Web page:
4) Figure 2 – supplement. The spheroid experiment is interesting but only one spheroid is shown and in fact with PARPi treatment the signal is not completely blocked. Would be ideal to develop this further for more quantitative analysis.

We noted the reviewer’s concern and performed quantitative analysis of multiple spheroids. As shown in Figure 3B, we observed a significantly higher GFP fluorescence signal in spheroids derived from PAR-T ddGFP expressing cells compared to those expressing ddGFP or the spheroids treated with Niraparib.

We also developed an analysis approach that allows us to quantify the signals from the core of the spheroids separately from the periphery of the spheroids. We performed a time course in 3D cancer spheroids to visualize the spatio-temporal changes in PAR levels (Figure 3C and 3D). The results from this experiment demonstrate that the PAR levels in cells at the core of the spheroids are relatively resistant to Niraparib treatment, as the PAR levels in cells at the core of the spheroid decrease at a lower rate when compared to PAR in the cells at the outer layer of the spheroid.

5) Figure 3C and F – the high level of signal absent a stimulus is surprising. Can the authors explain this? It would appear to be a high level of background or non-specific activity.

We appreciate the reviewer’s concern about the high background signal in Niraparib treated samples. To answer this concern, we compared the dynamic range of Western blotting using WWE-Fc and live cell luciferase assay using PAR-T NanoLuc (Figure 6B). We observed that the results from PAR-T NanoLuc based luciferase assay are comparable to Western blotting. Of note, we were able to detect decrease in PAR levels with Niraparib using PAR-T NanoLuc based luciferase assay but not Western blot analysis. Based on these analyses, we can conclude that the changes in PAR levels at the basal level are very minimal, leading to only 50% decrease in PAR-T NanoLuc signal with Niraparib treatment (Figure 6B, Figure 5A-5C). Note that the decrease in live cell luciferase assay using PAR-T NanoLuc signal is greater when UV-treated cells were pre-treated with Niraparib, which is consistent with the results from Western blot analysis (Figure 5A).

Reviewer #3 (Recommendations for the authors):

1. I recommend exploring the capability of PAR-T GFP to detect the spatiotemporal dynamics of the PAR process in cancer spheroid in different conditions.

See our response to Comment 2 above. To address the reviewer’s concern about using PAR-T ddGFP for spatio-temporal changes in cells, we included a video for live cell imaging of H2O2-mediated increase in PAR-T ddGFP (Figure 2 —figure supplement 2, video).

We also performed a time course in 3D cancer spheroids to visualize the spatio-temporal changes in PAR levels (Figure 3C and 3D). The results from this experiment demonstrate that the PAR levels in cells at the core of the spheroids are relatively resistant to Niraparib treatment, as the PAR levels in cells at the core of the spheroid decrease at a lower rate when compared to PAR in the cells at the outer layer of the spheroid.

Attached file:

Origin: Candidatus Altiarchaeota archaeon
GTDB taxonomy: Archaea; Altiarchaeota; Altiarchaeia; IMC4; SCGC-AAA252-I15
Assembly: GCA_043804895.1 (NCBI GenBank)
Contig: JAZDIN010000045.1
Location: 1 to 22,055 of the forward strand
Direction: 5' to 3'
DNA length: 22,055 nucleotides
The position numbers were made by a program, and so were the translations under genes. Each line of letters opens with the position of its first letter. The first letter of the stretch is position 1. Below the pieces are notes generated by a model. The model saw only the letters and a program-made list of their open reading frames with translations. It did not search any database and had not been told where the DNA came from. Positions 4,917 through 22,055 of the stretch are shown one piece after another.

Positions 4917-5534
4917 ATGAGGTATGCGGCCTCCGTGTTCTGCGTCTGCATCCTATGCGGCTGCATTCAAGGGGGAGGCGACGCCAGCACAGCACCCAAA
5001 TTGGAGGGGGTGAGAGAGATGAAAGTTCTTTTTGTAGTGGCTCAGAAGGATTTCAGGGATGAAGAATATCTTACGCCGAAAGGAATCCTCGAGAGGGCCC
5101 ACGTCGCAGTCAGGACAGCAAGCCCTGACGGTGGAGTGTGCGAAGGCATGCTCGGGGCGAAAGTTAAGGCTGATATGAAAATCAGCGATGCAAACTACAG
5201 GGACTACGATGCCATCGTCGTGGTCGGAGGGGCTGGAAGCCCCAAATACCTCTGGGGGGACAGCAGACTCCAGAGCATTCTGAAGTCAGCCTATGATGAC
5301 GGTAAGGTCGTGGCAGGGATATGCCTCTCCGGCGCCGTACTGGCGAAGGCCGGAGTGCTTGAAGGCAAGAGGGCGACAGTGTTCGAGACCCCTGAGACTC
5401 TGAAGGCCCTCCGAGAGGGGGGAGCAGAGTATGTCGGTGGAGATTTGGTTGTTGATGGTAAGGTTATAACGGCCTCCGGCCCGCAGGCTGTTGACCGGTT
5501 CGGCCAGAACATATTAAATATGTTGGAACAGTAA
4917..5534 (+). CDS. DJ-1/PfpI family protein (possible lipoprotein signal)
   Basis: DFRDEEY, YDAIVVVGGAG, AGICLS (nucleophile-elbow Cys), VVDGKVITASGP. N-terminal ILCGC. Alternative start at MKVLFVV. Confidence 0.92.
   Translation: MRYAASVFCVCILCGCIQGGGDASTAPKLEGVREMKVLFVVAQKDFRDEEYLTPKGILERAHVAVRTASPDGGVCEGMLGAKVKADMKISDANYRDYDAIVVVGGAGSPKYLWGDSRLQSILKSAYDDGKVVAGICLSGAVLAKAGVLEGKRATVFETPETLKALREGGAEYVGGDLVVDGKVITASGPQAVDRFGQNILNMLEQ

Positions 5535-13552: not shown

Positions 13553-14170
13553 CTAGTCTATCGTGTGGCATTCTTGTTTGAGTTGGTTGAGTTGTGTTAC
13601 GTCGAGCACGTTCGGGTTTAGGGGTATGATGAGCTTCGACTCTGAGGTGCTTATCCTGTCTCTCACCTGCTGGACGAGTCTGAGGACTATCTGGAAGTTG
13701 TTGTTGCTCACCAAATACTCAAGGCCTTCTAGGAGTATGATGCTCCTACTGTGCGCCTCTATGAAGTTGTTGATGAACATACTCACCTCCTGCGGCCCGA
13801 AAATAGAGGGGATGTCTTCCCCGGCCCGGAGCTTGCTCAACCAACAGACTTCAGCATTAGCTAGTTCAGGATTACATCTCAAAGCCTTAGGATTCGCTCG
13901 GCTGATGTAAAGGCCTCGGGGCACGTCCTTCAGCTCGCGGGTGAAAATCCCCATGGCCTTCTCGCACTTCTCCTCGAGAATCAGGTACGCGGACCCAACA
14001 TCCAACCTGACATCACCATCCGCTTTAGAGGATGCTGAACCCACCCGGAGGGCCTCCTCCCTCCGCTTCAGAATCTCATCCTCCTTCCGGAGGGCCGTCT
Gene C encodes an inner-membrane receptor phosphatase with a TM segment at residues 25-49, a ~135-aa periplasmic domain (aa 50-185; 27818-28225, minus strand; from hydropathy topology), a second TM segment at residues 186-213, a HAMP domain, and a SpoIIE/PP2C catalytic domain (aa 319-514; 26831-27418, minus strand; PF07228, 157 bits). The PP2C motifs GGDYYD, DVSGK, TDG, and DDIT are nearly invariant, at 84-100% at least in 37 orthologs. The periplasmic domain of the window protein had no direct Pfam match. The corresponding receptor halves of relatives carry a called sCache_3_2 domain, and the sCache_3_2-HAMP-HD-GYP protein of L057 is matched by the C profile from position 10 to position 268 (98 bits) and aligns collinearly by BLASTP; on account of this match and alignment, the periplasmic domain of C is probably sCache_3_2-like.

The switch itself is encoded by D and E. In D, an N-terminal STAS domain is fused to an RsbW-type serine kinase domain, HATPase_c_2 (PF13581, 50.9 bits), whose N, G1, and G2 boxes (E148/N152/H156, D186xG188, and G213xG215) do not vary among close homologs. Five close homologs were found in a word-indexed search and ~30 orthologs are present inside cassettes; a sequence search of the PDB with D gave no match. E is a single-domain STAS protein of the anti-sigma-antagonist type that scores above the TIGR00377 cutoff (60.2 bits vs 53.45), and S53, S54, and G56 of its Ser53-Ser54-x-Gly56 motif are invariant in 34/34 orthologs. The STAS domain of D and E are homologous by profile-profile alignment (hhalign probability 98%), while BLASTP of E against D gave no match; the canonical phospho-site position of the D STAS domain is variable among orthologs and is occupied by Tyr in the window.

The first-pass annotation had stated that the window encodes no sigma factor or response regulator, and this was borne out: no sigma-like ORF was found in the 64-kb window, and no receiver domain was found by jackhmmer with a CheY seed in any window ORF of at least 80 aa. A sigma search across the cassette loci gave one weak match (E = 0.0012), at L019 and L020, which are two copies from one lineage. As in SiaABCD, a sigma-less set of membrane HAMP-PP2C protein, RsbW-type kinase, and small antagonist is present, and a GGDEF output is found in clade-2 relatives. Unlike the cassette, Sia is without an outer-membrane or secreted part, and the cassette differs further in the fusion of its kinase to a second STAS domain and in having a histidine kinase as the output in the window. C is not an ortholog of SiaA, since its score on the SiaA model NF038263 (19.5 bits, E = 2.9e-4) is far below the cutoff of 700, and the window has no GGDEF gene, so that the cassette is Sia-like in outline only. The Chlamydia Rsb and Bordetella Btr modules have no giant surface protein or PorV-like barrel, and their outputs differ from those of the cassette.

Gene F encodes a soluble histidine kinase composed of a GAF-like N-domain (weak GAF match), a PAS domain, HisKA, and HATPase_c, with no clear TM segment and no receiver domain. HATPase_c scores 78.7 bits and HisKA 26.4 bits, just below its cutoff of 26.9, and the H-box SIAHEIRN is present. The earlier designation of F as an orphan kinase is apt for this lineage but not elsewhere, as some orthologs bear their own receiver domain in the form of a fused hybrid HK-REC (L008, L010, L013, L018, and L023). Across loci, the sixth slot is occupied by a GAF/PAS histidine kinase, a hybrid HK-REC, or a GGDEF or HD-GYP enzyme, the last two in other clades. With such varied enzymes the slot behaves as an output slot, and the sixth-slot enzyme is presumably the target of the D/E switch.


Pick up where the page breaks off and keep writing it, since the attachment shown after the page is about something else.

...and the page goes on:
2. The split nanoluc technology may be used to detect the dynamics of the targeted analyte. Thus the authors might want to perform time-course imaging of PAR levels in mice in response to different drug treatments using PAR-T Luc.

To demonstrate that PAR-T NanoLuc can be used to detect time-dependent changes in PAR levels, we performed a time course of UV-mediated PARP-1 activation (Figure 5D). The results from this assay demonstrated that the dynamic changes in PAR in live cells in response to DNA damage can be captured using the PAR-T NanoLuc sensors.

In addition, we also measured PARGi-mediated PAR accumulation in vivo in xenograft tumors (Figure 8 —figure supplement 1B-1D). We found that PAR can be detected readily in breast cancer cells when injected into mice. Upon treatment with PARGi, the luminescence from PAR-T NanoLuc increased significantly by 6 hours and then diminished by 24 hours. These data demonstrate that PAR-T NanoLuc can be used to track dynamic changes in PAR levels both in cells and in animals.

https://doi.org/10.7554/eLife.72464.sa2

Article and author information

Author details

  1. Sridevi Challa

    1. Laboratory of Signaling and Gene Regulation, Cecil H. and Ida Green Center for Reproductive Biology Sciences, University of Texas Southwestern Medical Center, Dallas, United States
    2. Division of Basic Research, Department of Obstetrics and Gynecology, University of Texas Southwestern Medical Center, Dallas, United States
    Contribution
    Conceptualization, Data curation, Formal analysis, Investigation, Methodology, Validation, Visualization, Writing – original draft, Writing – review and editing
    Contributed equally with
    Keun W Ryu
    Competing interests
    K.W.R., S.C., and W.L.K. have a patent pending for the PAR-T sensors described herein
  2. Keun W Ryu

    1. Laboratory of Signaling and Gene Regulation, Cecil H. and Ida Green Center for Reproductive Biology Sciences, University of Texas Southwestern Medical Center, Dallas, United States
    2. Division of Basic Research, Department of Obstetrics and Gynecology, University of Texas Southwestern Medical Center, Dallas, United States
    Present address
    Cancer Biology & Genetics Program, Memorial Sloan Kettering Cancer Center, New York, United States
    Contribution
    Conceptualization, Data curation, Formal analysis, Investigation, Methodology, Validation, Visualization, Writing – review and editing
    Contributed equally with
    Sridevi Challa
    Competing interests
    K.W.R., S.C., and W.L.K. have a patent pending for the PAR-T sensors described herein
  3. Amy L Whitaker

    1. Laboratory of Signaling and Gene Regulation, Cecil H. and Ida Green Center for Reproductive Biology Sciences, University of Texas Southwestern Medical Center, Dallas, United States
    2. Division of Basic Research, Department of Obstetrics and Gynecology, University of Texas Southwestern Medical Center, Dallas, United States